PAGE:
May 17, 2021
- How NASBA Monitors CPE Quality
- Basic Skills Courses
- Building Efficiencies Through Shortcuts
- Entering Data Quickly
- NASBA Compliance Desk Audits
- Audit Results and Findings
- Most Common Deficiencies
- Look for Sponsor Agreements
The National Association of State Boards of Accountancy (NASBA) serves as a forum for the 55 state boards of accountancy. One of the primary purposes of NASBA is to provide the framework for the development, presentation, measurement, and reporting of continuing professional education (CPE) programs. This framework is detailed out in The Statement on Standards for Continuing Professional Education Programs (The Standards), which was jointly issued by the American Institute of Certified Public Accountants (AICPA) and NASBA. Further, NASBA is responsible for monitoring the CPE course sponsors and their programs that are approved by NASBA for CPE credit. This post will explore how NASBA actively monitors the many CPE courses available to ensure they are meeting the criteria detailed in The Standards.
Basic Skills Courses
These courses focus on introductory Excel skills that make the program easier to use. The types of courses, perfect for a new user or to refresh a prior user, include:
- How to format amounts in a spreadsheet
- How to manipulate the columns and rows to work best, including freezing panes
- How to copy and paste formulas
- How to use keyboard shortcuts
Building Efficiencies Through Shortcuts
These courses focus on building efficiencies. The types of courses, perfect for a new user or to refresh a prior user, include:
- Creating user-specific keyboard shortcuts
- Learning how to sort and total data effectively
- Customizing workbooks for the user
- Using the Quick Access Toolbar to streamline tasks
- Applying must-know tips, tricks and tools
Entering Data Quickly
These courses focus on learning how to enter data quickly by establishing a data entry model. The types of courses, perfect for a new user or to refresh a prior user, include:
- How to build a summary model for the data
- How to validate and audit the data for errors
NASBA Compliance Desk Audits
NASBA uses a compliance desk audit program to monitor CPE programs and their sponsors. NASBA follows an annual cycle for desk audits, which typically starts in April, although the current cycle did not start until September due to the COVID-19 pandemic. The process begins when NASBA notifies a program sponsor, via email, that it has been selected for a desk audit. The sponsor is then responsible for acknowledging receipt of the notification and returning a list of the CPE programs it offers during the current period. From the list of courses offered, NASBA will select one program for each approved delivery method. The delivery methods are group live, group internet based, QAS self study, independent study, nano learning and blended learning. An audit form will be emailed to the sponsor, along with a list of each program selected for audit, and the form will provide the detailed instructions on how to submit the necessary information for the audit.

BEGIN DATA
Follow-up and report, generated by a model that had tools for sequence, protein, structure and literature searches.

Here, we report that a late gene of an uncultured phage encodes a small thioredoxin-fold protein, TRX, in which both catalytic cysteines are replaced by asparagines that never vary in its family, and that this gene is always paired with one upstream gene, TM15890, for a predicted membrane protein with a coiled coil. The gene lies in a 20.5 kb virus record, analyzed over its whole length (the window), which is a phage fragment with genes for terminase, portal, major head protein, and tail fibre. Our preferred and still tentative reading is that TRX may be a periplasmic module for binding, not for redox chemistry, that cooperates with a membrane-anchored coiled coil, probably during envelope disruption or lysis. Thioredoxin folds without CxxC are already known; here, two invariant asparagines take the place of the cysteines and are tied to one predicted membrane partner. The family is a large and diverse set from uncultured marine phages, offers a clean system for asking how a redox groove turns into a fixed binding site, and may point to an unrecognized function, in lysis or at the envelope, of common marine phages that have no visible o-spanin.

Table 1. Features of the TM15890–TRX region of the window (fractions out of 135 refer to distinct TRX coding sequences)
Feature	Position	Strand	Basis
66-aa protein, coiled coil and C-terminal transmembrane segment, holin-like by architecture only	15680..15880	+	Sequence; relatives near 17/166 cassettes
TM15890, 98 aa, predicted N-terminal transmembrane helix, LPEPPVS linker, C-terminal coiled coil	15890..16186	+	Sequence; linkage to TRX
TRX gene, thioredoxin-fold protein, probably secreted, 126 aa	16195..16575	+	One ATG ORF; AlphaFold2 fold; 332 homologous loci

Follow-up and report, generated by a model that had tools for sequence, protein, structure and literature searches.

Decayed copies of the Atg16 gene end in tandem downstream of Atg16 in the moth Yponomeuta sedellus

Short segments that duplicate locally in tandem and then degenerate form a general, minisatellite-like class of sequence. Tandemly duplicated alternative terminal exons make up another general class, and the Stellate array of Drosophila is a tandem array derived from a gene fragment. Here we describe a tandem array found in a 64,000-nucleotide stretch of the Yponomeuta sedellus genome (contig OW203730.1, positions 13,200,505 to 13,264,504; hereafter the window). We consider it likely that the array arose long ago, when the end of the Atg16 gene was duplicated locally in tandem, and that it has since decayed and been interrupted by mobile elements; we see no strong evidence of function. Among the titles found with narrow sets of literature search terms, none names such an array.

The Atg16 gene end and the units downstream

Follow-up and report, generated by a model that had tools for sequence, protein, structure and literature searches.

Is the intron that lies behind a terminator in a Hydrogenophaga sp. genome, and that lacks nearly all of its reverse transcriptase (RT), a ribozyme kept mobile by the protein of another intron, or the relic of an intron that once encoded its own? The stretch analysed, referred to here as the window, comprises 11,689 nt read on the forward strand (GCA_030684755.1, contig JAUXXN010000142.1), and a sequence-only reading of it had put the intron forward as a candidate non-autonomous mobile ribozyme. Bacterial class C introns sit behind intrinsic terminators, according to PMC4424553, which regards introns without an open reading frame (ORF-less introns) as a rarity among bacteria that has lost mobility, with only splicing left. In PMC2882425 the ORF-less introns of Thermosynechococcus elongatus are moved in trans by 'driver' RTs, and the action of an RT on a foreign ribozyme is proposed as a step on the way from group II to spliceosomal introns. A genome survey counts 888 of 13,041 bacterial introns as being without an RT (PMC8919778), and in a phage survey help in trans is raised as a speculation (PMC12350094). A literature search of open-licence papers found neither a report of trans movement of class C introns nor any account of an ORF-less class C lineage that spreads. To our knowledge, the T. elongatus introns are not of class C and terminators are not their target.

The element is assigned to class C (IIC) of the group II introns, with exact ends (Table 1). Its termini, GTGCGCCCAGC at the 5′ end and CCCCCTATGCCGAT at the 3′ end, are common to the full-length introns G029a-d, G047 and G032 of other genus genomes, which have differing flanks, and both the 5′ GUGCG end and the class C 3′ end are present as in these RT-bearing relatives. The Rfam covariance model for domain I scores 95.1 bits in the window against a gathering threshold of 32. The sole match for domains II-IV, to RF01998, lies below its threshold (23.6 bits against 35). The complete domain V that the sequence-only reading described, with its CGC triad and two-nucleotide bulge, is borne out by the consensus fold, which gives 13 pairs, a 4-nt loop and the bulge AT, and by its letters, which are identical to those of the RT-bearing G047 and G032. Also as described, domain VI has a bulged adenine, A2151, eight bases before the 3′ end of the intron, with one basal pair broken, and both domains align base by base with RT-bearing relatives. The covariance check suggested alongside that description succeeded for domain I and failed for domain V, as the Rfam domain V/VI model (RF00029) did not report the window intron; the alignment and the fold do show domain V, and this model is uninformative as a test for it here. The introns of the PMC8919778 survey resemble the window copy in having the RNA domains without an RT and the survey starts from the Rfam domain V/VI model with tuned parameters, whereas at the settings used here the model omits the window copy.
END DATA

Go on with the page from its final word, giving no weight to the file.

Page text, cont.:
Audit Results and Findings
NASBA sends out a report with the audit results once it is completed. The findings of the report, along with the deficiencies noted, will be communicated. Any minor deficiencies will require correction in future CPE programs, without any additional resolution needed. However, if one or more significant deficiencies are found during the desk audit, there are penalties for the plan sponsor. There is a financial penalty which is calculated at 25% of the sponsor’s NASBA National Registry renewal fee, with the likely penalty being a minimum of $200. A sponsor must also submit a written corrective action plan within 30 days of receiving the audit report. There will also be a follow-up audit to ensure the corrective action plan has been put into operation.
Most Common Deficiencies
To assist program sponsors in making sure that their courses are meeting the required standards, NASBA has released a list of the most common causes of audit failures. The number one reason for failure is inadequate attendance monitoring policies. Furthermore, there are (1) insufficient attendance monitoring documentation and (2) incomplete or inaccurate information listed on certificates of completion. NASBA is directing sponsors to refer to Standard No. 16 in The Standards to understand the monitoring responsibilities and the correct required documentation for monitoring a CPE program.
Look for Sponsor Agreements
NASBA is now requiring sponsors to complete a Sponsor Agreement, acknowledging compliance with The Standards and NASBA requirements, in hopes of minimizing the number of deficiencies noted in desk audits. Find out more in our related post.